COLUMBIA, S.C. -- The doctor who pleaded guilty to conspiring to illegally prescribe steroids to several Carolina Panthers was sentenced Monday to one year and one day in prison.
Chief U.S. District Judge Joe Anderson delayed the date on which Shortt must report for prison until the conclusion of any possible appeals, which Anderson said were "almost certain." That could mean Shortt won't begin serving his sentence until 2008, the judge said.
Dr. James Shortt pleaded guilty in March to one federal count of conspiracy to distribute anabolic steroids and human growth hormone. Prosecutors have said current and former members of the Panthers were some of Shortt's patients.
As part of the plea deal, prosecutors dropped 42 other counts against Shortt.
Chief U.S. District Judge Joe Anderson ordered Shortt to pay the minimum fine, $500, and a $100 special assessment. He will also serve two years on supervised release.
The maximum sentence for the charge was five years in prison and a $250,000 fine.
Shortt also faces a state criminal investigation in the 2004 death of a Minnesota woman who died three days after receiving intravenous hydrogen peroxide to help her multiple sclerosis.
The South Carolina Board of Medical Examiners revoked Shortt's medical license in May.
Anderson delayed the date on which Shortt must report for prison until the conclusion of any possible appeals, which Anderson said were "almost certain." That could mean Shortt won't begin serving his sentence until 2008, the judge said, estimating the appeals process could take a year and a half.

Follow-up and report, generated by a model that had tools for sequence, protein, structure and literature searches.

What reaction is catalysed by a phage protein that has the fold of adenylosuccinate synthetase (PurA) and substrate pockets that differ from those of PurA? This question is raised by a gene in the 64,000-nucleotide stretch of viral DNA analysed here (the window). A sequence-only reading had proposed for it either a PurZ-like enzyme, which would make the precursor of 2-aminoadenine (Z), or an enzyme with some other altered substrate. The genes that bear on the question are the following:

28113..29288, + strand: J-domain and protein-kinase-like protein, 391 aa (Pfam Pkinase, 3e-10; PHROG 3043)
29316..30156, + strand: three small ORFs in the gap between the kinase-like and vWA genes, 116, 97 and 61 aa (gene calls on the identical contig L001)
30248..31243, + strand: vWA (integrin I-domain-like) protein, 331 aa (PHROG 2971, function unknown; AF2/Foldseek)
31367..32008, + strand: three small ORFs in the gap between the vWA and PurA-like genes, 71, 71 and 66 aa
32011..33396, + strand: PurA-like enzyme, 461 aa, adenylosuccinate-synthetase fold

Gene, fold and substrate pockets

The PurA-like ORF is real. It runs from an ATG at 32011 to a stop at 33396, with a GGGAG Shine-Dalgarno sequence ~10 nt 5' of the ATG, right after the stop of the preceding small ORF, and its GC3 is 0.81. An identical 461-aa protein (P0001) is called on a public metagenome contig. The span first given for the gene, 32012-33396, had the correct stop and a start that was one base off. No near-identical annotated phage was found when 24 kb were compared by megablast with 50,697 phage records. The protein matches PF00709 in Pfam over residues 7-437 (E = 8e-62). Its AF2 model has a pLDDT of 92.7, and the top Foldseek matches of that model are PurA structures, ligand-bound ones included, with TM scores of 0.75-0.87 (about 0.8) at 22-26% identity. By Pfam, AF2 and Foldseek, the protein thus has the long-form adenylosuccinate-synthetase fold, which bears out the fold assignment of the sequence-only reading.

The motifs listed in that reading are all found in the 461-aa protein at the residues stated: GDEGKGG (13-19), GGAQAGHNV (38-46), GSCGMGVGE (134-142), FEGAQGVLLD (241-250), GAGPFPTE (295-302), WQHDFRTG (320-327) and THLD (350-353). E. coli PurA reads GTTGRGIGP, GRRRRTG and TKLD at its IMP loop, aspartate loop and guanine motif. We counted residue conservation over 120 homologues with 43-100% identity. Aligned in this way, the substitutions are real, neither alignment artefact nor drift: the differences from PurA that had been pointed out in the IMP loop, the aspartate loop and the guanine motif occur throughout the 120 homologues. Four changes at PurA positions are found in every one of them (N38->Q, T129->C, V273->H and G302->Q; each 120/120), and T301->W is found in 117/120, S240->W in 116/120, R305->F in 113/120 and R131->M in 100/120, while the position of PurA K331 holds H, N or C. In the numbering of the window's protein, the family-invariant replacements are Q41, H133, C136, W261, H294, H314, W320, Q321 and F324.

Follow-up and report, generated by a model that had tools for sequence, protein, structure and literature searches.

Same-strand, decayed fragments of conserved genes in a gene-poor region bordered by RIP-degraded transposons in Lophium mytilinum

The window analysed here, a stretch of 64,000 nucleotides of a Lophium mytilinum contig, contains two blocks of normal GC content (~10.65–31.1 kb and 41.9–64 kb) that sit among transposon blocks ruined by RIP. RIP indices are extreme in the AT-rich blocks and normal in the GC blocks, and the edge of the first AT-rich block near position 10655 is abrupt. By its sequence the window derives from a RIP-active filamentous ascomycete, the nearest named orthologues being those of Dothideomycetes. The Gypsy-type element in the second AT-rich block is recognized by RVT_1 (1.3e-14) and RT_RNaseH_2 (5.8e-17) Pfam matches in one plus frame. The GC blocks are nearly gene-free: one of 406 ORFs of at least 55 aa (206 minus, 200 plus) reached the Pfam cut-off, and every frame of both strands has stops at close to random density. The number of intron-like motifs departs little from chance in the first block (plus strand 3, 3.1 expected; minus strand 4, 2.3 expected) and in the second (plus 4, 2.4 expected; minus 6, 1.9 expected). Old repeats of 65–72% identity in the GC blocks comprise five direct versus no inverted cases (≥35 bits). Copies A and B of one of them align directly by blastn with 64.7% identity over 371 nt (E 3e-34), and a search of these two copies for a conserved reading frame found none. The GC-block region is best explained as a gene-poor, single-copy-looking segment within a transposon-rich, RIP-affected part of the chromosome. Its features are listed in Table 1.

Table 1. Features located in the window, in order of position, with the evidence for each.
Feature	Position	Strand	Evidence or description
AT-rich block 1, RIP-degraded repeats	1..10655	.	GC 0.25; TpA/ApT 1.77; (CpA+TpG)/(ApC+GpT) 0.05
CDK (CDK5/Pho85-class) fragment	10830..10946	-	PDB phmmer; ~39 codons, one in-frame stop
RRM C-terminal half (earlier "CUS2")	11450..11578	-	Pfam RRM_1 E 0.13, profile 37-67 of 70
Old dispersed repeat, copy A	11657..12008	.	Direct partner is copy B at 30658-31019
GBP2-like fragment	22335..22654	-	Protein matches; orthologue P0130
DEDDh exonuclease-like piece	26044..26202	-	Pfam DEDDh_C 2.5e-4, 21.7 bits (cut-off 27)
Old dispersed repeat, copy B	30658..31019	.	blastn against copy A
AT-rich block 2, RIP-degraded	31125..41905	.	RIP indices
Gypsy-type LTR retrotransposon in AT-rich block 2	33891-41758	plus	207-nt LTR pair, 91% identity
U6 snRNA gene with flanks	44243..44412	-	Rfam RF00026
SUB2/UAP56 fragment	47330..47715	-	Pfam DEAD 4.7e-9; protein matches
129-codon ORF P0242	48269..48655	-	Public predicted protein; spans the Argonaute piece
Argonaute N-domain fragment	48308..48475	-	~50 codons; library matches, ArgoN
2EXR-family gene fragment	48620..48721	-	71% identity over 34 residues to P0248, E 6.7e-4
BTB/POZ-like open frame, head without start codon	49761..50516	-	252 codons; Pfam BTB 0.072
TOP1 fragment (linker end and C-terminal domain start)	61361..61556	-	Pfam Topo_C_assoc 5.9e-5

Shortt has 10 days to appeal his conviction and sentence. His lawyer, federal public defender Allen Burnside, wouldn't comment Monday.
Anderson said he would recommend that the 59-year-old Shortt serve his time at the prison closest to his family.
The additional day tacked on to the one-year sentence means Shortt will be eligible to earn credits for good behavior, which could reduce his time served to less than 11 months, Anderson said.
Shortt acknowledged he "went beyond the boundaries that I should" in writing the prescriptions for testosterone and human growth hormone to professional athletes.
"My intention was to help them reach their goals," he said.
Shortt also said he had no intention of applying for a medical license in California, where he now lives.
"I have accepted the fact that my career is over," Shortt said. "I certainly have no intention of ever doing it again."